Visual Art Ruffles and Ripoffs
posted by September 18 at 15:29 PMon
In late 2006, the Anthropologie store in downtown Seattle had this great wall design. The soaring, two-story wall at the back of the store was covered in layers—layers upon layers upon layers—of brown paper, folded and crumpled like the elaborately draped fabrics of the store’s expensive dresses. When you looked at the wall, you thought: Looks like earth. Like the sedimentary layers of a geological cross-section. Like Anthropologie is in the grip of a force of nature.
The design wasn’t in any of Anthropologie’s other stores, the manager told me in a phone interview yesterday: “Everybody gets their unique twist. Nobody had a wall like us.”
But in 2005, two East Coast artists named Wade Kavanaugh and Stephen Nguyen did have a wall like that. They created it.
They say Anthropologie stole it.
The visual documentation is damning. In May 2005 at the Portland, Maine nonprofit art space The Map Room, Kavanaugh and Nguyen covered the walls with brown paper and called their installation Striped Canary on the Subterranean Horizon. The Map Room is embedded in a hillside, and the artists wanted to “reveal” the earth behind the walls.
“Armed with nothing but brown Kraft paper and staples, Wade Kavanaugh and Stephen B. Nguyen transformed the [gallery] into a space both familiar and foreign,” Sculpture magazine touted in its April 2006 issue. The magazine featured two full-color photographs with the story.
Months later, that very design appeared in the clothing retail store. When the artists heard about it, in October 2006, they contacted a prominent copyright attorney, John Koegel (Jeff Koons’s lawyer), who made no headway with Anthropologie and had to tell the artists that, unfortunately, they had no further recourse, artist Kavanaugh said yesterday in an interview at Suyama Space in Seattle, where he currently has a solo show.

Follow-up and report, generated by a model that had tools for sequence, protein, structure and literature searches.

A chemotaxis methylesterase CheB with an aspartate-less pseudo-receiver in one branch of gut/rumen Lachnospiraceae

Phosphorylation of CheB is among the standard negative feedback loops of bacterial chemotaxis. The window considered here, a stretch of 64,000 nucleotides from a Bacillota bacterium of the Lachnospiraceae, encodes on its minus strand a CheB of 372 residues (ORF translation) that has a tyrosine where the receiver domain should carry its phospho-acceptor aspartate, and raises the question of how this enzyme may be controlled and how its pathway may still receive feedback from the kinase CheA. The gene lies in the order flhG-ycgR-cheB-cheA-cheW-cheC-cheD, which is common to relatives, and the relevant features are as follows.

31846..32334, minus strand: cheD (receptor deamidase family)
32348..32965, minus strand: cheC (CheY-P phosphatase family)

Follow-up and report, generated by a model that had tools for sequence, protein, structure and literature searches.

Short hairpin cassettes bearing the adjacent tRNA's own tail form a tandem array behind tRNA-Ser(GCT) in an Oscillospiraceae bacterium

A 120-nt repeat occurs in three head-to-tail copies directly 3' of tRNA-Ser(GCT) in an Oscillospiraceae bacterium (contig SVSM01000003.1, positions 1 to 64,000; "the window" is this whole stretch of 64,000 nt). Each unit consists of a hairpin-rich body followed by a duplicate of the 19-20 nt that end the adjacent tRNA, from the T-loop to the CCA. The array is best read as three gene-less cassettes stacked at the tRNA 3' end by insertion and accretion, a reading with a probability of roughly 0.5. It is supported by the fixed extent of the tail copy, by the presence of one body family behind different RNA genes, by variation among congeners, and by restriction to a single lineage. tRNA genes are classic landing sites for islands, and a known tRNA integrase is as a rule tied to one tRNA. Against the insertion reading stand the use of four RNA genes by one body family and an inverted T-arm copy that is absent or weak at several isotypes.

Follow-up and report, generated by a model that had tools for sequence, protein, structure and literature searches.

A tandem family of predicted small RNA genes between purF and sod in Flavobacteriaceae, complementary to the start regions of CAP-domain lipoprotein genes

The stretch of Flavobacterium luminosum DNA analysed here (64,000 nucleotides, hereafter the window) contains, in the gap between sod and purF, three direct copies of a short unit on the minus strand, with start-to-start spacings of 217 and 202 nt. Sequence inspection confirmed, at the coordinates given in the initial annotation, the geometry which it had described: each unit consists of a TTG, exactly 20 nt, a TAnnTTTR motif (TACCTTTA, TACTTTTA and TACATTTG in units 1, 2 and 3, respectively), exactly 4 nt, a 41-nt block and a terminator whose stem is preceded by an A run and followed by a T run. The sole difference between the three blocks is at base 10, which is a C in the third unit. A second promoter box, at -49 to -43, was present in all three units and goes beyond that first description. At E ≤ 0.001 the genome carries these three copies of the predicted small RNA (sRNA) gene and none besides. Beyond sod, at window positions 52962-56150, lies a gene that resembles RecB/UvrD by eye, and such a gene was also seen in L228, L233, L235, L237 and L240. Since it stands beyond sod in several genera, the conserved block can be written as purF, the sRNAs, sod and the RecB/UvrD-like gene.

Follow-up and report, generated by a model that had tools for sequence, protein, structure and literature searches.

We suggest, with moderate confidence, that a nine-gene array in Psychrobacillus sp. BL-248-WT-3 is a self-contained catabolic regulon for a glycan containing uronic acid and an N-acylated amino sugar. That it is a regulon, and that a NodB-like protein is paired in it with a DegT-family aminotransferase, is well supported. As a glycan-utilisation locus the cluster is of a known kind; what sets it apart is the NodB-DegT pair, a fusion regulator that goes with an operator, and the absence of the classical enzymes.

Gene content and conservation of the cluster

“We had no rights because the piece that we did was in a nonprofit context,” he said—but if Striped Canary on the Subterranean Horizon had worn a pricetag and shown in a commercial gallery (or if the artists had applied formally through the copyright office for their nonprofit temporary installation), the artists could sue for copyright infringement.
The manager at Anthropologie this week told me I’d have to talk to corporate (the “visual merchandising team” at “our home office”) in order to find out more. In response to my query, public relations director Sarah Goodstein sent me an email that avoided specifics even though I’d asked about the wall in downtown Seattle in 2006. “Although [our designers] look to the outside world for inspiration, including other artists, their display installations are original,” Goodstein wrote. “If an artist approached Anthropologie, however, regarding perceived use of their work we would be sensitive to their concerns.”
So, Anthropologie: Where’s your sensitivity now?
Here are the images, first Striped Canary on the Subterranean Horizon and then the wall in Anthropologie:
Here’s an interview with artist Wade Kavanaugh about the issue: